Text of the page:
Concerning battery life, the E-420 gets 500 shots out of its BLS-1 battery, while the E-PM1 can take 330 images on a single charge of its BLS-5 power pack.

The adjacent table lists the principal physical characteristics of the two cameras alongside a wider set of alternatives. If you want to switch the focus of the display and review another camera pair, you can move across to the CAM-parator tool and choose from the broad selection of possible camera comparisons there.

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Body Specifications
    Camera
Model
Camera
Width
Camera
Height
Camera
Depth
Camera
Weight
Battery
Life
Weather
Sealing
Camera
Launch
Launch
Price (USD)
Street
Price
1.
 
Olympus E-420 130 mm 91 mm 53 mm 440 g 500 n Mar 2008 599i
2.
 
Olympus E-PM1 110 mm 64 mm 34 mm 265 g 330 n Jun 2011 499i
3.
 
Nikon D3000 126 mm 97 mm 64 mm 536 g 500 n Jul 2009 599i
4.
 
Nikon D60 126 mm 94 mm 64 mm 522 g 500 n Jan 2008 629i
5.
 
Nikon D40X 124 mm 94 mm 64 mm 522 g 520 n Mar 2007 729i
6.
 
Olympus E-PM2 110 mm 64 mm 34 mm 269 g 360 n Sep 2012 499i
7.
 
Olympus E-PL2 114 mm 72 mm 42 mm 362 g 280 n Jan 2011 599i
8.
 
Olympus E-PL3 110 mm 64 mm 37 mm 313 g 300 n Jun 2011 599i
9.
 
Olympus E-PL1 115 mm 72 mm 42 mm 334 g 290 n Feb 2010 599i
10.
 
Olympus E-450 130 mm 91 mm 53 mm 440 g 500 n Mar 2009 499i
11.
 
Olympus E-600 130 mm 94 mm 60 mm 535 g 500 n Aug 2009 449i
12.
 
Olympus E-620 130 mm 94 mm 60 mm 521 g 500 n Feb 2009 699i
13.
 
Olympus E-520 136 mm 92 mm 68 mm 535 g 750 n May 2008 699i
14.
 
Olympus E-410 130 mm 91 mm 53 mm 435 g 500 n Mar 2007 699i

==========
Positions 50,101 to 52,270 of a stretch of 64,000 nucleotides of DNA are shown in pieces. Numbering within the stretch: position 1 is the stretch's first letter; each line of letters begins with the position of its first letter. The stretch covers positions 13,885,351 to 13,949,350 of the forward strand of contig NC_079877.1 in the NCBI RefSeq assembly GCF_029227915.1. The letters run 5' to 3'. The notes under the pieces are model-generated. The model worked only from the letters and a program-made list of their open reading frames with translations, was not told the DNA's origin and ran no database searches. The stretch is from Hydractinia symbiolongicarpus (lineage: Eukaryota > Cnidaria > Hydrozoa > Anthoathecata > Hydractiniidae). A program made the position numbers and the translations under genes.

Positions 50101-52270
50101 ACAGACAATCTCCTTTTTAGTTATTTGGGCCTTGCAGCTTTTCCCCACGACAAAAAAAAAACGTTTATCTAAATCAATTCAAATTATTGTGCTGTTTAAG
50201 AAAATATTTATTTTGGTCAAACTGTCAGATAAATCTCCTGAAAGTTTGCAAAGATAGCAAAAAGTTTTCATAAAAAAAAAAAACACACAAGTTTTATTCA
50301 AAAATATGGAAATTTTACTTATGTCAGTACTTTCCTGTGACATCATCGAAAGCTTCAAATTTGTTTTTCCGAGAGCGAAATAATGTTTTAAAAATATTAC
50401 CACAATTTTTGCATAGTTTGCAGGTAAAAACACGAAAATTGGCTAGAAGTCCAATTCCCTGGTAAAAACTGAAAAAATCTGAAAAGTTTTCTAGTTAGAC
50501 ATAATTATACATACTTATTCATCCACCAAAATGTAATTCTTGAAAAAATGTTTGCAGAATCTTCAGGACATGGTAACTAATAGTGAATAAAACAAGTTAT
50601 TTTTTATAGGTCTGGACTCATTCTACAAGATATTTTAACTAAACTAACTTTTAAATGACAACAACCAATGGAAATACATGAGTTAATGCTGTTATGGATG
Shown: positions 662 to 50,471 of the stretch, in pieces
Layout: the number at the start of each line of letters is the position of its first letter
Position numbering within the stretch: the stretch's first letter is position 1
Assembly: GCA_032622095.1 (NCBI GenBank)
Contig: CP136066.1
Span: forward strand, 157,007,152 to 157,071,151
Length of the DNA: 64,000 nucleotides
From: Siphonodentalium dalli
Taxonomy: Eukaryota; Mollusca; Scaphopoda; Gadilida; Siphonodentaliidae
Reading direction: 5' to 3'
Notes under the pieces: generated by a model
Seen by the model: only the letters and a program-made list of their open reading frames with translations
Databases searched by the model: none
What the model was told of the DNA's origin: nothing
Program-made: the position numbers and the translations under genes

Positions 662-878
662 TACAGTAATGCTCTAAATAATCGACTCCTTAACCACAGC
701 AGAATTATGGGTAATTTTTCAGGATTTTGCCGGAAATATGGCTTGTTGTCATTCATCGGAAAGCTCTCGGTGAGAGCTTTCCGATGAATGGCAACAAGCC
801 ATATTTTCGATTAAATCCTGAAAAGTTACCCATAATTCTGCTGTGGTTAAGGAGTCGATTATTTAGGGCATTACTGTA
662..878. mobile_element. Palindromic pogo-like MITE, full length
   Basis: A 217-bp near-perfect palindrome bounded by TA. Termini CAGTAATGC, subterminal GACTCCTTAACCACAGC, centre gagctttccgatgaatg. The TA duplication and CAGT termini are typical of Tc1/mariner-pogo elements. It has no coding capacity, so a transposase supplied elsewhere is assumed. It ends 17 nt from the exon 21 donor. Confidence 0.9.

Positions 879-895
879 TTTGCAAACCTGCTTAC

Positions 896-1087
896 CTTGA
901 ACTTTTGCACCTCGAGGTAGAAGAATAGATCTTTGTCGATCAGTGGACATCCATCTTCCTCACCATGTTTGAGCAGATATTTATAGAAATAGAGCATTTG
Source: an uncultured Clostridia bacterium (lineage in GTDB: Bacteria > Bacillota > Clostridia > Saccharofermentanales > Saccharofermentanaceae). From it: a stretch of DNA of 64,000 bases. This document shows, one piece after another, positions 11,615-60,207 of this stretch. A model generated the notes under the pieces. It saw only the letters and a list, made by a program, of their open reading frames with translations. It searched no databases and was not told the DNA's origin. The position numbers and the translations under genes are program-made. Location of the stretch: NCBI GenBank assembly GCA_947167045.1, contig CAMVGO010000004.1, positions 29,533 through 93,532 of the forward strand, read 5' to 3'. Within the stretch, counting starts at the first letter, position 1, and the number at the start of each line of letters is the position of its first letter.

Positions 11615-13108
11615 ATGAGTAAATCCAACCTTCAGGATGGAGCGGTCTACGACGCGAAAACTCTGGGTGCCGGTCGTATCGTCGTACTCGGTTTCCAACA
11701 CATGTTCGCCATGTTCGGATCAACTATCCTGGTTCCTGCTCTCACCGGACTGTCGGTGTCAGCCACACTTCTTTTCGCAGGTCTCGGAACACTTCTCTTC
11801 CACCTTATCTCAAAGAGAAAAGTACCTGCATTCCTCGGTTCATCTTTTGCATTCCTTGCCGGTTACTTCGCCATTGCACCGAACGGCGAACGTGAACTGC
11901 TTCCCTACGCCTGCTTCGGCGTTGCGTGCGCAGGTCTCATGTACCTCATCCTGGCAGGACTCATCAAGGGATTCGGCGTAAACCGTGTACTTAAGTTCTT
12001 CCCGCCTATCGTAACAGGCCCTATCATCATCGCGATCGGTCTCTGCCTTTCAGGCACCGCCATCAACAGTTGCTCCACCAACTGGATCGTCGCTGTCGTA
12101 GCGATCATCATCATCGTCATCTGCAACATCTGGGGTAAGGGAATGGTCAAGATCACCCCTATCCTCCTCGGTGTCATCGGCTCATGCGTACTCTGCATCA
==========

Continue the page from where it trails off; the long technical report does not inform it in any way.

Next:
15.
 
Olympus E-400 130 mm 91 mm 53 mm 435 g 500 n Sep 2006 699i
16.
 
Panasonic G2 124 mm 84 mm 74 mm 428 g 360 n Mar 2010 599i
17.
 
Panasonic L10 135 mm 96 mm 78 mm 556 g 450 n Aug 2007 599i
Notes: Measurements and pricing do not include easily detachable parts, such as add-on or interchangeable lenses or optional viewfinders.

Any camera decision will naturally be influenced heavily by the price. The listed launch prices provide an indication of the market segment that the manufacturer of the cameras have been targeting. The E-PM1 was launched at a somewhat lower price (by 17 percent) than the E-420, which makes it more attractive for photographers on a tight budget. Usually, retail prices stay at first close to the launch price, but after several months, discounts become available. Later in the product cycle and, in particular, when the replacement model is about to appear, further discounting and stock clearance sales often push the camera price considerably down.

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Sensor comparison